Middle East

Between the lines: Assad interview

Syrian President Bashar al-Assad speak on Syrian TV (21 Aug 2011)
Image caption President Assad has ruled Syria since the death of his father in 2000

In his first interview with the US media since the uprising began in March, Syrian President Bashar al-Assad was clearly intent on persuading Washington that his regime's reaction to the challenge was normal, and that it would survive all the pressures currently being mounted against it.

He argued that armed militant attacks had been a feature from the beginning, one that was getting worse and had killed more than 1,100 members of the security forces as well as many civilians - something that he said would not have been tolerated by the US or any other nation.

Much has been made out of the incident when the interviewer, Barbara Walters, referred to "his" security forces, and the president interrupted to say they were not "his" but belonged to the state.

Sensitive to the conclusions drawn from that, the Syrian foreign ministry hastily convened a news conference to assert that Mr Assad's remark had been taken out of context, that he was not trying to shirk responsibility, but was merely pointing out that the armed forces were a state institution, not his personal property.

The president admitted that "mistakes" had been made on the ground, but said this was a case of errors committed by individuals, not the result of state policies or orders from above.

New position?

The interview amounted to a detailed defence of the regime's behaviour and position, as the pressures and sanctions pile up.

Many of Mr Assad's arguments have been stated before, but there were some new elements.

One was his recognition that the majority of Syrians were neither for nor against the regime, but in the middle.

Image caption In the interview President Al-Assad insisted he still had popular support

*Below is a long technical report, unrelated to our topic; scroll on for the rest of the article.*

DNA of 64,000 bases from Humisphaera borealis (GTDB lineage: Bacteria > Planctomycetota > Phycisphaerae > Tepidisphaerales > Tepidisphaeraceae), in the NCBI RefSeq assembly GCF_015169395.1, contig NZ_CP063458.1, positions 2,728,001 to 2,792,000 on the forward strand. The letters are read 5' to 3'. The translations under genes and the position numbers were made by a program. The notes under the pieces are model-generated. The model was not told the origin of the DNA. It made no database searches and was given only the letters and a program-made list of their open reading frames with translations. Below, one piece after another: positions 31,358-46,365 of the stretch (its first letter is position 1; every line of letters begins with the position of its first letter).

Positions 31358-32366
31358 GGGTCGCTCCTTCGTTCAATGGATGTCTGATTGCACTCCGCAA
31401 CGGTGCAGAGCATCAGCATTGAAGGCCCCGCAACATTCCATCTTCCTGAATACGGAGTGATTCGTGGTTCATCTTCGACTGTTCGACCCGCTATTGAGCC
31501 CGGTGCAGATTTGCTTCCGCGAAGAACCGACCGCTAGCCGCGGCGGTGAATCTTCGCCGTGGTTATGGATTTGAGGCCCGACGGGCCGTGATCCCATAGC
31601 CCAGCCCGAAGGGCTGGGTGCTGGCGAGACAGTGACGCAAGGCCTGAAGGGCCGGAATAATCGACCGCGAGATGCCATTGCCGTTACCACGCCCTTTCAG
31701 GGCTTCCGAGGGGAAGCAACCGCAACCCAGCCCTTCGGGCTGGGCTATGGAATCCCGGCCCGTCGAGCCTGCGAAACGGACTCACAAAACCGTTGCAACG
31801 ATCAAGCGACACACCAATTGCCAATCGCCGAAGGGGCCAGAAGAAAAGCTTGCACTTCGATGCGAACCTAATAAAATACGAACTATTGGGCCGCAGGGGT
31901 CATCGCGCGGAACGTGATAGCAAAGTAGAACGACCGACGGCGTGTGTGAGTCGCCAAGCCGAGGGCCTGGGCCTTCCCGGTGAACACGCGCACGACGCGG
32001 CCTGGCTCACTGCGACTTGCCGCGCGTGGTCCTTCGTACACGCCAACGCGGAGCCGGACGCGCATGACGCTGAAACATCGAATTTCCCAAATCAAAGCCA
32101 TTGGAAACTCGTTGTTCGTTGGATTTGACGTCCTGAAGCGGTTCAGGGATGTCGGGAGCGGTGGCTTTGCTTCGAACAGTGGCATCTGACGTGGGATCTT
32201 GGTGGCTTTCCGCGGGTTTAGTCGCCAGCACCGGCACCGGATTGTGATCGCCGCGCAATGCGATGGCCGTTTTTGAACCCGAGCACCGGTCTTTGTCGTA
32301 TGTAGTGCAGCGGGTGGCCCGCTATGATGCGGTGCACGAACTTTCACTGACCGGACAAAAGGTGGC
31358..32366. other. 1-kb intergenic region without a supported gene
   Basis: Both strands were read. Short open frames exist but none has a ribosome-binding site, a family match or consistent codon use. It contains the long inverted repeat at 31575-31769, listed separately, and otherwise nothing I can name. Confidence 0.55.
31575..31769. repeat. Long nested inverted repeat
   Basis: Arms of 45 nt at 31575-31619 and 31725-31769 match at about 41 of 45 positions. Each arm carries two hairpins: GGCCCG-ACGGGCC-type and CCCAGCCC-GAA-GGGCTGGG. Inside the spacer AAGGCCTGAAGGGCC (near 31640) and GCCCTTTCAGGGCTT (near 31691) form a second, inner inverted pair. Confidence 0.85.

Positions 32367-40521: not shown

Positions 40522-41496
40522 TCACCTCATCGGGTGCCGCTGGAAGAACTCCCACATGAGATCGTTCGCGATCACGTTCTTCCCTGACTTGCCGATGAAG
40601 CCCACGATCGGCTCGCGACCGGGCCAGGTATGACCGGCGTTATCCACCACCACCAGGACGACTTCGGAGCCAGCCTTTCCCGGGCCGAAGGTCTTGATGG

It was in the hope of winning them over that he had launched his programme of reforms, he said. No leadership could rule Syria if the bulk of the people were against it.

Another new element was his recognition that there are disturbances and instability in most parts of the country, and that army soldiers and officers have been defecting.

But he said that the country's overall situation was stable, and he dismissed the military defections as normal in any army at any time, with a higher percentage rebelling at the moment because of "this situation".

Weathering the storm

Despite these admissions, Mr Assad insisted that the country was not on the brink of civil war, which would require, in his interpretation, a divided army as opposed to individual desertions.

He was also sanguine about the effect of recently announced Arab League and Turkish sanctions, which he said would have the silver lining of stimulating domestic productivity and resourcefulness, though he admitted they might hurt.

All in all, Mr Assad gave a fair impression of someone who believed he could weather the storms that undoubtedly lie ahead.

The country is waiting to hear back from the Arab League in response to its qualified acceptance of a protocol for the deployment of outside observers, as part of a broader Arab peace plan.

League members are holding consultations over Syria's proposal to add exchanges and clarifications as annexes integral to the agreement, and over its demand for more involvement in the movements and composition of the observer mission.

Slide into conflict

International hopes for a peaceful solution are pinned to the Arab initiative, which demands a complete halt to violence and the withdrawal of armed forces from the streets.

Image caption Mr Assad was dismissive of the sanctions recently imposed on Syria by the Arab League

Opposition leaders are deeply sceptical about Syria's acceptance of the plan in principle, and accuse Damascus of playing for time while trying to look good.

If the proposals were to be implemented, activists believe large areas of the country would spin out of government control.

Meanwhile the violence continues in many areas, with the brunt of it focused on the country's third city, Homs.

With incidents occurring daily, some involving reports of sectarian or communal reprisals, and attacks on regime forces by deserting troops or armed insurgents, the situation there has prompted warnings that the country is sliding into civil war.

As with Iraq in 2006-7, there is much debate over what exactly constitutes civil war, and no accepted universal definition of what it is.

But in some parts of Syria, if not outright civil war, certainly a dangerous element of civil strife seems to be taking hold, with sectarian sentiment and fears on the rise.